It does not help much to use the watering can little but often, instead it is better to water less often but more thoroughly so that the water seeps in and the roots grow deep. You should apply 10 - 30 litres per square metre. Drive a spade into the ground and pull it back slightly. Then you will be able to see how far the water was able to penetrate into the ground.
The earlier in the day that you apply the water in summer, the better it is for lawns, beds and plants. Because the water soaks in well early in the morning and can be taken up quickly by the roots. But never water at midday, because most of the liquid evaporates in the heat before it can soak into the ground. Furthermore, droplets on the leaves can act as a magnifying glass for the sun. The evening is not so ideal, because the leaves stay wet overnight and this invites fungal infections and mildew. It also attracts snails.
The answer is: it varies. Of course you need to water more in sunny areas than in the shady regions of your garden. Also, some plants are especially thirsty, such as fuchsia. But in general it is possible to say that the amount of water to be applied increases with the size of the leaves. Seedlings and newly planted items require water every day for a while.
By the way: Only water just before the leaves start to droop on your plants. In this way you force them to form long roots so that they can fetch moisture deeper from the earth as well. The plants will become more robust as a result.
You do the same with a lawn: In a drought it is best to soak the area once or twice a week, right down to the roots. We recommend around 10 to 15 litres of water per square metre lawn. Grass under trees also needs more water because the trees take it as well.
You do the same with your lawn. You only need to water it two or three times a week. But apply a lot of water so that the water can seep down at least 15 cm. Since you cannot dig up your lawn to check this, up to 15 l/m² every three days should be enough for loose sandy soils. If in a somewhat heavier loamy soil you need to keep the tap turned on longer, up to 20 Liter/m² need to be applied here.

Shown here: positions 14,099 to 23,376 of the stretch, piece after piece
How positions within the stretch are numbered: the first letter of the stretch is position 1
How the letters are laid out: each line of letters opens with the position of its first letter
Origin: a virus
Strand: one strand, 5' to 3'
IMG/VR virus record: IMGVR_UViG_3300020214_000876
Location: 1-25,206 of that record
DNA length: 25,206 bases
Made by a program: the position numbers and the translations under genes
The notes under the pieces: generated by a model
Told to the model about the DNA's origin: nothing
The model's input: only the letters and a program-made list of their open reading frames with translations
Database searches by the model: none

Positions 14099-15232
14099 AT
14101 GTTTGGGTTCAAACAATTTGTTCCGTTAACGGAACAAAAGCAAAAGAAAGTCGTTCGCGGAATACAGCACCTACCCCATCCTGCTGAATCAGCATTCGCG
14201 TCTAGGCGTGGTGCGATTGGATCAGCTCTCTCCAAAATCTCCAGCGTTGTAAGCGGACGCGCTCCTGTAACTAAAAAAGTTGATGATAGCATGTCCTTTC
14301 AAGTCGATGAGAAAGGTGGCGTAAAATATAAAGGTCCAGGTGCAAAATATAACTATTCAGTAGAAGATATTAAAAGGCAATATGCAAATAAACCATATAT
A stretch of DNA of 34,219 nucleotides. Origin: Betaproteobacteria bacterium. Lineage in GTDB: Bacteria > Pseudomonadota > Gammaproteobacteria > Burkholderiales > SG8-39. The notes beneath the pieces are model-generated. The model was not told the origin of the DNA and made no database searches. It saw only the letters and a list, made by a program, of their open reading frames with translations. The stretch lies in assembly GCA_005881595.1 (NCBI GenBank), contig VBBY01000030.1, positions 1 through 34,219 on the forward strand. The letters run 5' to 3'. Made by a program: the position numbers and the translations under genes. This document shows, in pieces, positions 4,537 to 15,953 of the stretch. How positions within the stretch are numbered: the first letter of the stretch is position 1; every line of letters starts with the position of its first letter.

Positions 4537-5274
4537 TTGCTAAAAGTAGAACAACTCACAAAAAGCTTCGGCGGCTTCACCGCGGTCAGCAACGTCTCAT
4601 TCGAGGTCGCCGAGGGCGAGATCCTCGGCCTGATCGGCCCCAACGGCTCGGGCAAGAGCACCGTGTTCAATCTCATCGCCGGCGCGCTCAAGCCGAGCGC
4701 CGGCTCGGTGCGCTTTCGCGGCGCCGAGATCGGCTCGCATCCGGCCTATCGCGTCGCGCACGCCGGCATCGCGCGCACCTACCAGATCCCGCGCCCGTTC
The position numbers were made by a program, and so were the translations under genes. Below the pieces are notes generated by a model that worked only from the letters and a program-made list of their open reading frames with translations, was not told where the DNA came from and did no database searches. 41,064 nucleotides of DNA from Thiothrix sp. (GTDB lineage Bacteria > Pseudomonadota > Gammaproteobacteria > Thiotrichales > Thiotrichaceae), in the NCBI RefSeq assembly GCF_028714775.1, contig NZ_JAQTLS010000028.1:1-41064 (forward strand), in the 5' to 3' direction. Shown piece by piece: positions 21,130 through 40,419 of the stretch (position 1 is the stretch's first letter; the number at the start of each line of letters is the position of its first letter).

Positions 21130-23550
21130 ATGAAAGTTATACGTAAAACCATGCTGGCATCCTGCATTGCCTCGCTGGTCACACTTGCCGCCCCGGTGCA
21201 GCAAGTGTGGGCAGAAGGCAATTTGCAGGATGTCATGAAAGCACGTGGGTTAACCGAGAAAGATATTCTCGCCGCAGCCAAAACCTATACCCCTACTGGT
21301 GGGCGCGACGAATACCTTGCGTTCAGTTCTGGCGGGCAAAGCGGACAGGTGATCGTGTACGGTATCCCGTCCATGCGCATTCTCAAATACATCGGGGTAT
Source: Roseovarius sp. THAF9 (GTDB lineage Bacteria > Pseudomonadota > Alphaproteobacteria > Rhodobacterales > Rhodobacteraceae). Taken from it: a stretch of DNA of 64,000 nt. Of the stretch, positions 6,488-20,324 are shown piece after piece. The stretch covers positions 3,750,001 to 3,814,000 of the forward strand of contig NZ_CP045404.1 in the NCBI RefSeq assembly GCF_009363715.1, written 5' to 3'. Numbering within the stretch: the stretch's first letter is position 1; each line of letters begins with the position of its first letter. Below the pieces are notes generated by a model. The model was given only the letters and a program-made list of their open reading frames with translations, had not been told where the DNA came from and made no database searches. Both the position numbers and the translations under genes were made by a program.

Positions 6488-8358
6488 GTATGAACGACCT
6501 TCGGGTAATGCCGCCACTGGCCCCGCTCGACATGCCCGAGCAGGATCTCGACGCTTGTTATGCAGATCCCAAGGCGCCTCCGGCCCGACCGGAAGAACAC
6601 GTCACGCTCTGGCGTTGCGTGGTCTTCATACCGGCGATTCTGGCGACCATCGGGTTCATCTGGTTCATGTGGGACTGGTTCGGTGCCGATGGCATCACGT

You can of course delegate the work of watering – to mechanical and automated systems.
Oscillating sprinklers are ideal to regularly water large areas. Simply connect the hose, turn on the tap and the water is distributed evenly over the area. The same applies to rotating sprinklers, which are mostly used on lawns. They wet over a full circle, but can also be set to water only an arc, depending on the model and the setting. By the way: If you garden hose is too short or your garden is too long, then use a WOLF-Garten hose reel trolley. That already gives you several more metres.
Computer-controlled watering and irrigation systems have also found their way into private gardens. No wonder, they can be programmed beforehand and then work all by themselves. A fully automated system of this kind is admittedly extremely convenient and reliable, but the convenience comes at a price. It is your decision as to whether or not such an investment is really worth it.
The oldest watering system of all still has its place. With a watering can in your hand you can decide for yourself which parts of your garden you will water, and how much. You can use the rose to direct somewhat less water evenly and gently onto small and delicate plants. Or take off the rose and water with a hard jet and a lot of liquid at once.
However, the watering can has another advantage - and even when compared with watering systems: With bushes and shrubs and vegetables you can specifically wet only the soil and so prevent the water from getting the leaves and forming droplets.